Repeated ketamine infusions may lead to rapid symptom improvement in people with chronic posttraumatic stress disorder (PTSD), suggests a study in AJP in Advance. Participants who received six ketamine infusions over a two-week period experienced greater drops in PTSD symptoms and comorbid depressive symptoms compared with participants who received the sedative midazolam.

The findings are “an important next step in our quest to develop novel pharmacologic interventions for this chronic and disabling disorder, as a large number of individuals are not sufficiently helped by currently available treatments,” said lead author Adriana Feder, M.D., of the Icahn School of Medicine at Mount Sinai in a press release.

The study involved patients aged 18 to 70 with a primary diagnosis of PTSD who had been experiencing symptoms for at least three months and had a score of ≥30 on the Clinician-Administered PTSD Scale for DSM-5 (CAPS-5), indicating symptoms of at least moderate severity. In total, 30 patients were randomly assigned to receive six infusions of either IV ketamine or midazolam (psychoactive placebo control) approximately three times a week for two weeks.

The researchers evaluated the study participants using several measures, including the CAPS-5 and the Montgomery-Åsberg Depression Rating Scale (MADRS), before the first infusion and following the first and second week of infusions. On infusion days, the researchers also evaluated the study participants for potential side effects (including dissociative and manic symptoms) before and following the infusion.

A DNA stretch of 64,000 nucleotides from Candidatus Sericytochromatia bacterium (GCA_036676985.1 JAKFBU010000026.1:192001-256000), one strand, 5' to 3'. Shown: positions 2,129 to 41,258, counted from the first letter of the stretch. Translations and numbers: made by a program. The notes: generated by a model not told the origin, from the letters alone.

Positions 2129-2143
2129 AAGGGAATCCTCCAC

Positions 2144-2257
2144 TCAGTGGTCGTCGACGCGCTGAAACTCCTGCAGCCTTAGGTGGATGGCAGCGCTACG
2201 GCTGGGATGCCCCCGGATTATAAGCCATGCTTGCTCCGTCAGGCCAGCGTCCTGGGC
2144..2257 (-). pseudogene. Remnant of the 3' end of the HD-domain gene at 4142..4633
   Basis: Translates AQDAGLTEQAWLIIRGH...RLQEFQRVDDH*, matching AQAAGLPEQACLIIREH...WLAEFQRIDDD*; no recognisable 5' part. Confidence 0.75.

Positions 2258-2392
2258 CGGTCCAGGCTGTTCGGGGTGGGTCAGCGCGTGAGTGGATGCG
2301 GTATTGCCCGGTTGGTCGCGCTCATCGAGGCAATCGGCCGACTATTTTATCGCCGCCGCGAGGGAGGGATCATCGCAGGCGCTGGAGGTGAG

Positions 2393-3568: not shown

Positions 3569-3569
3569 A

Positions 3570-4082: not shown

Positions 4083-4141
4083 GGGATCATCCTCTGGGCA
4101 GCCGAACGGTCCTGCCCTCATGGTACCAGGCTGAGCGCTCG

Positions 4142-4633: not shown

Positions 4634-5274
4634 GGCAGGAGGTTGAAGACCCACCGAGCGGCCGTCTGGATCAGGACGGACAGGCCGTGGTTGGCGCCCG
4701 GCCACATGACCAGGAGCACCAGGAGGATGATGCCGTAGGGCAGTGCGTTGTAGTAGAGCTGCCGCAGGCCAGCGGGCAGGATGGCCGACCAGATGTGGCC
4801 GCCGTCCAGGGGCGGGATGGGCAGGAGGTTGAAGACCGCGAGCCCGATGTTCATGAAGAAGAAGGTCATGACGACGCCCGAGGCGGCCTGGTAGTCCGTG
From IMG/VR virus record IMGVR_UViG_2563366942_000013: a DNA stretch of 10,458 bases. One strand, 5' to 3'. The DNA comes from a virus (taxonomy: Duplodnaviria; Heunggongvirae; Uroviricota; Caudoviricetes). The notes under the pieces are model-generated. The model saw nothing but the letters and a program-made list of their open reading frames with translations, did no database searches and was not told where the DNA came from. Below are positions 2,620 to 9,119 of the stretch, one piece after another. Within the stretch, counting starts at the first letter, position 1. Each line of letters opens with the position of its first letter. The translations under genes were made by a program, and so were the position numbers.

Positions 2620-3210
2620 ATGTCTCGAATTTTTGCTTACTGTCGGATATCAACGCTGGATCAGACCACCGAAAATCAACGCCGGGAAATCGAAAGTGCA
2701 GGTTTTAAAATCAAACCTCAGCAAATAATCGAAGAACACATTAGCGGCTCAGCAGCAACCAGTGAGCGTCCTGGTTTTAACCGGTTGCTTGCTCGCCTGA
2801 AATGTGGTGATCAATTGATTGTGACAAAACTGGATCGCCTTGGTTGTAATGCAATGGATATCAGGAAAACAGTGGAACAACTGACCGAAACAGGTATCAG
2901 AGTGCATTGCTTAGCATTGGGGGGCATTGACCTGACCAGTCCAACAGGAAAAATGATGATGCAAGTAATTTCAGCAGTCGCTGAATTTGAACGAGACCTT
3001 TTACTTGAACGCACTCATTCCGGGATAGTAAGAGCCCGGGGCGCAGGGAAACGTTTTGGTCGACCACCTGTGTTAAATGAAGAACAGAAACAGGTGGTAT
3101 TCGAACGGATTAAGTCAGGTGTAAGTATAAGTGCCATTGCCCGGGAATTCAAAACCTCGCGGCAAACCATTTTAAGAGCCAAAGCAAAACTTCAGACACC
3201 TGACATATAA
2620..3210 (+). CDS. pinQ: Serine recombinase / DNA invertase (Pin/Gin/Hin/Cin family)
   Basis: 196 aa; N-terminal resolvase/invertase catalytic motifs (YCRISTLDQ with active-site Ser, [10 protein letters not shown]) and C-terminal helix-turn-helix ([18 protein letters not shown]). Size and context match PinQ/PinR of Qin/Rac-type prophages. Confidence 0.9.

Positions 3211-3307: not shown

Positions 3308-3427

The ketamine group showed a significantly greater improvement in CAPS-5 and MADRS total scores than the midazolam group from baseline to week 2, Feder and colleagues reported. Additionally, significantly more participants in the ketamine group (67%) experienced a ≥30% reduction in symptoms from baseline compared with those in the midazolam group (20%).

“Ketamine infusions were associated with marked improvements across three of the four PTSD symptom clusters: intrusions, avoidance, and negative alterations in cognitions and mood,” the authors wrote. “In the subsample of ketamine responders, improvement in PTSD symptoms was rapid, observed 24 hours after the first infusion, and maintained for a median of 27.5 days after the primary outcome assessment day.”

The most frequently reported side effects by the ketamine group included blurred vision, dizziness, fatigue, and headache. Although some dissociative symptoms emerged during ketamine infusions, these symptoms tended to resolve within two hours.

“The study findings suggest the overall safety and tolerability of repeated ketamine infusions in this patient population. Further research is needed to evaluate the efficacy of novel interventions to prevent PTSD symptom relapse over time, including clinical trials to evaluate the safety, tolerability, and efficacy of periodic intravenous ketamine (or intranasal esketamine) administration as maintenance over several months … and studies examining whether combining repeated ketamine administration with evidence-based psychotherapy for PTSD can help reduce the likelihood of relapse after cessation of ketamine infusions,” the authors concluded.

For related information, see the American Journal of Psychiatry article “Psychedelics and Psychedelic-Assisted Psychotherapy.”

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